from Wiktionary, Creative Commons Attribution/Share-Alike License

  • v. Simple past tense and past participle of crenellate.
  • adj. Having crenellations or battlements
  • adj. Having a series of square indentations


Sorry, no etymologies found.


  • On Sule Pagoda Road, there is a bizarre three-story building that would have made Wren wake up screaming: mullioned windows, crazily framed and blacked out, lozenge-shaped openings in crenellated towers, red battlements.


  • A portcullis is suspended above it and a pair of crenellated stone towers stand on either side.

    Pinewood celebrates 75 years filming the best of British and Hollywood

  • At that time Peking was still very much "an ancient city wrapped in high crenellated walls some 40 kilometres long and accessed through sixteen multi-storeyed gate towers . . . and still recognizable as the city of Kublai Khan."

    A quick peek behind China's wall

  • Spectacular Vistas and Ancient Landscapes Along the Hilly Roads Outside Edinburgh From the crenellated walls of Edinburgh Castle, perched on the dramatic volcanic plug that straddles Princes Street Gardens, one has an unbroken view of the southern peninsula of the Kingdom of Fife.

    Drives That Leave the City Behind

  • Patties of ground beef hang off the crenellated edge of the plate.

    The Last of Boland

  • Beyond the arch, huge towers of gray stone rose straight up into the sky, topped by steeply pitched roofs and crenellated battlements.

    Earl of Durkness

  • Kurt Wilberding/The Wall Street Journal A sheer gold and black skirt with velvety, crenellated fringe.

    Sophie Theallet's Sophistication

  • In 1997, he set a grander course: He would build his own crenellated ch teau in the Gu delon forest in Burgundy.

    Frenchman Builds a Dream Ch

  • Three stories of crenellated architecture that gave each apartment its own tiny patio, its own square foot of yard, and a few windows.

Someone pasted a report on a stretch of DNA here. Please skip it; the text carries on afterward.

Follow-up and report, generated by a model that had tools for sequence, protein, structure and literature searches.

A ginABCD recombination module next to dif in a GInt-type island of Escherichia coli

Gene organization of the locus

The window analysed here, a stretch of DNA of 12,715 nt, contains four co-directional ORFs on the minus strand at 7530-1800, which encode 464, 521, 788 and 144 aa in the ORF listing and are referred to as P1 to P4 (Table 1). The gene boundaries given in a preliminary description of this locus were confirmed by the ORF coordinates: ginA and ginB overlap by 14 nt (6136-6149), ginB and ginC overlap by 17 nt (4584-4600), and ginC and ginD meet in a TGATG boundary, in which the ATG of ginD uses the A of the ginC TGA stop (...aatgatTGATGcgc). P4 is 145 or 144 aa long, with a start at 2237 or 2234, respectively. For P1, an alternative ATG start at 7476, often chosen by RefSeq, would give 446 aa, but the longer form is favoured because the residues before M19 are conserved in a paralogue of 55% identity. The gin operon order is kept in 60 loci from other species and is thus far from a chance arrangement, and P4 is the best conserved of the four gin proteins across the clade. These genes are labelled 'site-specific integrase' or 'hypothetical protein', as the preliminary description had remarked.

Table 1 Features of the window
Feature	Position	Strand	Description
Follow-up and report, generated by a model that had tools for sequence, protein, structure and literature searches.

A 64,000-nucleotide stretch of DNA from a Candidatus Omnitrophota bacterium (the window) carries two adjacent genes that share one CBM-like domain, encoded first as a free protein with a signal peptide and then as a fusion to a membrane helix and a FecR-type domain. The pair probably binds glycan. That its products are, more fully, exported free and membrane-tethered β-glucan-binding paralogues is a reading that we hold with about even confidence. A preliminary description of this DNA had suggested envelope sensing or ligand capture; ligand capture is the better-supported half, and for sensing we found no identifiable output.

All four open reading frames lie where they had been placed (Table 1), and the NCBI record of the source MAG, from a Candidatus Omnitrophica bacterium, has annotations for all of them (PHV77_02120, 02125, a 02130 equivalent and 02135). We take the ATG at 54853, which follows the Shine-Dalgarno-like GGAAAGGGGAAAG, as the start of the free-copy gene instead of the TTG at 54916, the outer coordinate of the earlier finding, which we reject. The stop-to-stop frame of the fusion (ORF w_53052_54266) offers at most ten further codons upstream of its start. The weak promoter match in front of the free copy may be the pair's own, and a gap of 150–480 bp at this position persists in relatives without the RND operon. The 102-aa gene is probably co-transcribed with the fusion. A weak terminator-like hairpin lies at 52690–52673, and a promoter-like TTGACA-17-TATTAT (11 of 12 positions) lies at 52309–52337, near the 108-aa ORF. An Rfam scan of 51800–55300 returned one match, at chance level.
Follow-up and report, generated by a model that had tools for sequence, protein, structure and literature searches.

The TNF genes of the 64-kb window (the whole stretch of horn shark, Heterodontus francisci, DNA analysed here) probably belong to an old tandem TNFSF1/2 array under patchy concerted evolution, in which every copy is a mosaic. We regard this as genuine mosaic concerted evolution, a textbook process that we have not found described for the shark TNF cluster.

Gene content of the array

Vicious Grace

  • Standing on the crenellated outline of the buried ramparts, I could see why William Lindesay, one of the first to walk the length of the wall, described it as “the backbone of a dinosaur.”

    When a Billion Chinese Jump


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  • "I ceased for some time to see Albertine, but continued, failing Mme de Guermantes who no longer spoke to my imagination, to visit other fairies and their dwellings, as inseparable from themselves as is the pearly or enamelled valve or the crenellated turret of its shell from the mollusc that made it and shelters inside it."

    --Sodom and Gomorrah by Marcel Proust, translated by C.K. Scott Moncrieff and Terence Kilmartin, revised by D.J. Enright, p 190 of the Modern Library paperback edition

    February 18, 2009

  • see also crenellation.

    July 17, 2008

  • "A two-dimensional castle, no more indeed than a strip of orange light, from the summit of which the lord and his lady disposed of the lives and deaths of their vassals, had given place—right at the end of the "Guermantes Way" along which, on so many summer afternoons, I followed with my parents the course of the Vivonne—to that land of bubbling streams where the Duchess taught me to fish for trout and to know the names of the flowers whose red and purple clusters adorned the arches of the neighbouring gardens; then it had been the ancient heritage, the poetic domain from which the proud race of Guermantes, like a mellow crenellated tower that traverses the ages, had risen already over France, at a time when the sky was still empty at those points where later were to rise Notre-Dame of Paris and Notre-Dame of Chartres; a time when on the summit of the hill of Laon the nave of its cathedral had not yet been poised like the Ark of the Deluge on the summit of Mount Ararat, crowded with Patriarchs and Judges anxiously leaning from its windows to see whether the wrath of God has yet subsided, carrying with it specimens of the plants that will multiply on the earth, brimming over with animals which have even climbed out through the towers, between which oxen grazing calmly on the roof look down over the plains of Champagne; when the traveller who left Beauvais at the close of day did not yet see, following him and turning with his road, the black, ribbed wings of the cathedral spread out against the golden screen of the western sky."

    --The Guermantes Way by Marcel Proust, translated by C.K. Scott Moncrieff and Terence Kilmartin, Revised by D.J. Enright, pp 6-7 of the Modern Library paperback edition

    July 17, 2008

  • having or resembling repeated square indentations like those in a battlement

    June 12, 2007